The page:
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the silver, always depreciating, we will at last, in the course of time, make the dollar much less in value than it now is, and thus imitate the dishonesty of those European sovereigns, who at various times have defrauded their subjects by the adulteration of the coin, and covered their names with indelible disgrace.

13. The mode proposed of effecting the change would disturb the currency immense ly. The new dollar, though much lighter than the present one, would be a legal tender. The old silver coins, instead of their present premium of 2 or 3 per cent, would be worth 7 per cent more than the new. They would be withdrawn from circulation much more rapidly than now. The mint, already overworked with the coinage of Cal. ifornia gold, could not, for a long time, supply the vacancy in the circulation. The distribution of the new coin into the channels of trade being always a slow process, involving the outlay of capital by the merchant, would require time, trouble, and expense ; small change would thus be scarcer than ever.

14. The banks would stop immediately paying their demands in silver; they would redeem their bills in gold, and use their silver to buy up the new dollars as they would issue from the mint. The old coin being worth 7 per cent more than the new, would not circulate as a currency, and a bank whose specie should be mainly in silver, would make large gains by its sale as bullion.

15. An alteration in the gold coin would produce less disturbance. Most of it is held by the banks, and it could be exchanged more readily by them, because in large quantities. Its place can be supplied temporarily by paper, because, being of larger denominations, this exchange would be less objectionable than the substitution of paper for silver.

16. The nominal loss caused by the recoinage of the gold could be made up by a charge of one-half of 1 per cent at the mint for the coinage of bullion. This charge is proposed by Mr. Hunter to pay the expenses of the mint. It is a proper charge, because the government is under no more obligations to prepare the raw gold of the mines for the market by assaying it and stamping it, than it is to prepare the iron, or the zinc, or the copper, by smelting and purifying it.

17. A charge of one-half of 1 per cent for coinage would, in the course of five or six years, repay all the expense of increasing the weight of the gold pieces now in circulation. The gold in the currency is not over forty or fifty millions. An increase of 21 or 3 per cent in its weight would be fully met in the course of five or six years by per cent on the coinage of fifty millions per year of native gold. No loss would thus fall on the Treasury.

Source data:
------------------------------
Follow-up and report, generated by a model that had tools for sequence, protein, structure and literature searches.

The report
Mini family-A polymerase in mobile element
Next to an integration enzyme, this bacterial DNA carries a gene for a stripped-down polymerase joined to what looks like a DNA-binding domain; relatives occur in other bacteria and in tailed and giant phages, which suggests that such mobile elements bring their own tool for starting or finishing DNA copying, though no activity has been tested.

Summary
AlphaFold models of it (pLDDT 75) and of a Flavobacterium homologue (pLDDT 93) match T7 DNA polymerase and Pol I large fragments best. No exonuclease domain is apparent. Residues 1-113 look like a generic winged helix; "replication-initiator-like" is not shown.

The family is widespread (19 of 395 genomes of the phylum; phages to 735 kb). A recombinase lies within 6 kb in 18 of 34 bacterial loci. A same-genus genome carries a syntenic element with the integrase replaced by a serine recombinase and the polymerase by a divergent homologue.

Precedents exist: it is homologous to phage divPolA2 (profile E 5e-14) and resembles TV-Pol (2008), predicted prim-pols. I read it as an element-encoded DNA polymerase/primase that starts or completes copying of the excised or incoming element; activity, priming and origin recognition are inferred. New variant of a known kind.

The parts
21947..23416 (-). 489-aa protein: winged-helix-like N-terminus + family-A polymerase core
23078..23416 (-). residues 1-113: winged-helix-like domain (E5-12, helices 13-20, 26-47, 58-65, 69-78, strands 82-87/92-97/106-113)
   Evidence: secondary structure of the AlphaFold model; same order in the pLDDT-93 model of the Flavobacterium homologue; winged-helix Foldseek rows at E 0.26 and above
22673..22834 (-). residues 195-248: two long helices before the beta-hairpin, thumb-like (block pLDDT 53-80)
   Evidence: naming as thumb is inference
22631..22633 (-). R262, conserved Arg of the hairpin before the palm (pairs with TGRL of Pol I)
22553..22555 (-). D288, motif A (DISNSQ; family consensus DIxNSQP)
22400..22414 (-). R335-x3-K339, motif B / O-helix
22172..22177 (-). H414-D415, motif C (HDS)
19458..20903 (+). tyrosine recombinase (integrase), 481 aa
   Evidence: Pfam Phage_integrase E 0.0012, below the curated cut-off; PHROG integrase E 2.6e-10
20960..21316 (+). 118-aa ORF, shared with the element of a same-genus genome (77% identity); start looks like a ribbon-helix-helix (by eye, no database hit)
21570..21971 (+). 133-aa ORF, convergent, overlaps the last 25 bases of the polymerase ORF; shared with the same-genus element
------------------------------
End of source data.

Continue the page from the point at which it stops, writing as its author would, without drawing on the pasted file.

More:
18. This change would involve but little if any loss to the gold digger, because the grains of gold he may have would be fully as valuable in the markets of the world as before, and would buy just as much silk, cotton, coffee and tea, and other articles of consumption, as before.

19. Let Congress, then, direct the mint to issue no more gold eagles of 258 grains, but to increase their weight to 266 grains of the present fineness. Let them charge per cent for the coinage of bullion, and use this fund to increase the weight of the gold eagles that may be received into the Treasury. After the 1st of January, 1855, or sooner, when probably more than one-half of the gold pieces now in the country would either be recoined or exported, let the present coins of 258 grains be no longer a legal tender, except in sums of less than one hundred, and except to the government, allowing, however, government the privilege of paying them out to all persons when the amount to be paid should exceed one hundred dollars. After the 1st of January, 1868, the old pieces no longer to be a tender except to the government, and that by weight and not by count, 258 grains to the ten dollars. The charge of } per cent to continue till abolished by law.

20. The ratio between gold and silver would then be very nearly 15.5 to 1. The pure gold in an eagle would be 239.4 grains. The silver in ten dollars is 3712.6. The ratio is 15.5075, almost identical with the ratio in France and Holland.

21. This change would seem to be preferable to the one proposed by Mr. Hunter, in its justice and good faith to creditors, in its preserving the usual standard of valve invariable; in its making no greater change than the bullion market indicates to be necessary; in its causing less disturbance in the currency; in its imposing less labor on the mint; in its repairing an error we made in 1834, and in its reducing our gold coin to the standard of France and Holland, rather than to the standard of England, where silver is used as a token, and not as a legal currency.

PRICE OF SILVER COINS IN NEW YORK AND LONDON IN 1851.

TABLE SHOWING THE PRICE OF SILVER COINS IN NEW YORK AND LONDON, MONTHLY,